Food banks feel stress of food stamp problem

ATLANTA -- The Atlanta Community Food Bank is always busy. But since the state's food stamp snafu, the palettes of soup and fresh fruit have started to move even faster.

"Month to month what we're seeing is new growth," said Jon West, Community Building Manager for the Atlanta Community Food Bank.

That's because families that once had a few hundred dollars in grocery money have found themselves going months - with nothing.

"It's a trade off between their kids eating or keeping the lights on. That's hard math to do and neither one of those are a good answer," said West.

West say he noticed a spike in November, in part he believes, due to problems with the state's phone line and application system, as well as cuts to the amount many families received. The food bank says demand shot up 3% from the previous year. In December, it rose 8 percent. Then another spike of 4.4% in February.

"You're not going to let that one go?" said the Governor on Wednesday, when confronted about problems with the system.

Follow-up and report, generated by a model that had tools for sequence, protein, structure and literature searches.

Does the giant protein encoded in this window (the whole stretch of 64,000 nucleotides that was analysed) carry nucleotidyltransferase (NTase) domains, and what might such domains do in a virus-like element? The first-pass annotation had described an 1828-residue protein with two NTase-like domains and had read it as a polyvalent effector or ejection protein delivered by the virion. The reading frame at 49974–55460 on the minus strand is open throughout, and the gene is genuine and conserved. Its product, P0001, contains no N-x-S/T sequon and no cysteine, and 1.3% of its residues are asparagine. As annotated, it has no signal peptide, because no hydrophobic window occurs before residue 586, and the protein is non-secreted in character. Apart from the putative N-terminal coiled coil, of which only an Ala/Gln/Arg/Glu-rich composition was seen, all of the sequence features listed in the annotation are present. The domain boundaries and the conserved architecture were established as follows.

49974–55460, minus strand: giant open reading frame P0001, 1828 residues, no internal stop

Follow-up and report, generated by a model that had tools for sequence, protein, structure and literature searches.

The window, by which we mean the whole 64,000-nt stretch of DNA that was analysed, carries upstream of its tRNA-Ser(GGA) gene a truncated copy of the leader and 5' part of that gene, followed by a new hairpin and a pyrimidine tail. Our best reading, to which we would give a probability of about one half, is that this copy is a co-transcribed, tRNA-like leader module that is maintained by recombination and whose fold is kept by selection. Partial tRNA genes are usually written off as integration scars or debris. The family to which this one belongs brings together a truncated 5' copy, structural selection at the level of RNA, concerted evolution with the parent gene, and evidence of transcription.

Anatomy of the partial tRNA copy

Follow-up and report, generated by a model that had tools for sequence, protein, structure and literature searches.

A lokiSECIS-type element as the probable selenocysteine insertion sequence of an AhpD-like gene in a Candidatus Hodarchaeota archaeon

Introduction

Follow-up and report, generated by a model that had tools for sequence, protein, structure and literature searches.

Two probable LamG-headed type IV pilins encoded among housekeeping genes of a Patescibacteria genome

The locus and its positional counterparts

"We're doing a great job. We're getting out of a situation that was created over a long period of time," Gov. Deal added.

But after that conversation the governor requested DHS to ask for a temporary waiver to immediately approve expedited food stamp applications. Expedited cases are those for families with little to no income.

DHS says about 2,700 people would be affected by the waiver if it's approved.

Republican gubernatorial challenger David Pennington was quick to criticize the move, saying in a written statement, "Spend more tax dollars now; check the facts later. It sounds like Nancy Pelosi with Obamacare."

DHS countered, saying it would "perform the proper due diligence that guarantees Georgian's tax dollars were only spent on those who are eligible."


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